The Flagellation of Christ is an oil on panel painting and one of the most famous paintings completed by Piero della Francesca. It is one he painted during his first visit to Urbino. Look closely at the painting. The setting is the portico of Pontius Pilate’s palace in Jerusalem. Are we looking at one scene divided into an outdoor and indoor location or are the two scenes we observe, depictions of two different times? The latter is a popular theory. It is generally agreed that the inner depiction of the flagellation is set at the time of Christ but the outdoor setting in the right foreground, with the three men, is set in the fifteenth century. One pictorial argument favouring the time separation of the two scenes is that the background scene is illuminated from the right whilst the outdoor scene with the three men is illuminated from the left.
The whole scene is dominated by architecture with a stunning use of perspective which adds a sense of realism and manages to draw our eyes towards the small figure of Christ despite the fact that the actual flagellation takes place in an open gallery in the middle ground of the work. Also in the flagellation scene, we have Pontius Pilate seated on the left and possibly King Herod with his back to us. In the foreground on the right hand side we see three figures, who appear not to be paying any attention to what is happening behind them. So who are all the various people featured in the painting? It would be great if there was a clear cut answer to that question but different experts have different ideas and so I had better offer you a few alternatives and let you pick which one sounds the most probable to you.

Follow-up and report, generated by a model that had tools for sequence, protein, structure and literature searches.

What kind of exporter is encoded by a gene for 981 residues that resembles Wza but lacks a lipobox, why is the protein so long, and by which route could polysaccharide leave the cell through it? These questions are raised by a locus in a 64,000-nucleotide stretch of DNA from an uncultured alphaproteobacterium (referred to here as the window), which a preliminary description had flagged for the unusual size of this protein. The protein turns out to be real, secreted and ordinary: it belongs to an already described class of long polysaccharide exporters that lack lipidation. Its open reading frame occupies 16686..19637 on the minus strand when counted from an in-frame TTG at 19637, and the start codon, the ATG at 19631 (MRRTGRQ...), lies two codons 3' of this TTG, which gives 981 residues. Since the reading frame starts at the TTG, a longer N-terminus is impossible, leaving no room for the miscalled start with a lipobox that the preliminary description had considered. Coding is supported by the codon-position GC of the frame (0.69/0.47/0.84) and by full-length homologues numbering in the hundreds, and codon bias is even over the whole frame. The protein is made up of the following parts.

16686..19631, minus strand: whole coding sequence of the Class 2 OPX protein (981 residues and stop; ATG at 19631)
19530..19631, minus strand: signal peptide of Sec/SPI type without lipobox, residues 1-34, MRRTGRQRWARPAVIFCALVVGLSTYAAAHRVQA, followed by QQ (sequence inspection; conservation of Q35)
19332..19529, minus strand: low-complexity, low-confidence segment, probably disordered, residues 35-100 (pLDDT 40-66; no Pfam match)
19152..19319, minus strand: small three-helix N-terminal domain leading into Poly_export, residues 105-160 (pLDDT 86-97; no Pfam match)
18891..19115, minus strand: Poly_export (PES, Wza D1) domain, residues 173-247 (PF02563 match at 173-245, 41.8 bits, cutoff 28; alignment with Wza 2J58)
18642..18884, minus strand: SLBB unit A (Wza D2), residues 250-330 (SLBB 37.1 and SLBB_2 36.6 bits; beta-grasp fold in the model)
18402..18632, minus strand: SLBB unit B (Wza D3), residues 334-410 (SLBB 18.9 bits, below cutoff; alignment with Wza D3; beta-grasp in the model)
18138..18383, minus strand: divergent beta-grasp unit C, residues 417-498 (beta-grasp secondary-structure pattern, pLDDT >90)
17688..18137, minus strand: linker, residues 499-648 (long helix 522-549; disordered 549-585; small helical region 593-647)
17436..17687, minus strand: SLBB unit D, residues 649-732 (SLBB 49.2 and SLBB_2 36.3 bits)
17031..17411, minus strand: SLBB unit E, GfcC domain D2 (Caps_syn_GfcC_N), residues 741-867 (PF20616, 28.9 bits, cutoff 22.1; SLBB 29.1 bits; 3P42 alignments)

One theory put forward about the reason for the commissioning of this work is that that the painting was an attempt to favour the reconciliation between the two Christian churches, of the East and of the West, because of an impending attack by the Turks on Constantinople. Both the presence of the character in the centre, dressed after Greek fashion, and an inscription on the frame convenerunt in unum would seem to support this interpretation.
We know that the painting was commissioned by the then Duke of Urbino, Federico da Montefeltro. The conventional interpretation of this painting and the one which is still upheld in Urbino as the true interpretation of the work, is that the three men in the right foreground of the painting are, in the centre, the Duke of Urbino, Oddo Antonio da Montefeltro, the predecessor of Federico, the commissioner of the work, and is flanked, on each side by his advisors, Manfredo dei Pio and Tommaso di Guido dell, Agnello. All three were dead. Oddo Antonio was assassinated a few months after coming to power because of the unpopularity of his laws and his advisors suffered a similar fate. Another interpretation is that Oddo Antonio is in the centre and the characters either side of him were his assassins, Serafini and Riccardelli. A third suggestion is that this is simply a dynastic painting commissioned by Federico in which he has his three predecessors depicted.
There are more possibilities and books and treatises have been written about the painting with various suggestions as to the identity of each of the characters but I will leave it there and if you want to look deeper into the interpretation of the painting, do so and I will be interested to see what you find out. So back to my original question which still puzzles me; why is this painting by Piero della Francesca look on as being “a great work”? Is it the artistic quality of the painting or is it the mathematical quality of the perspective which has art historians tell us it is a gem?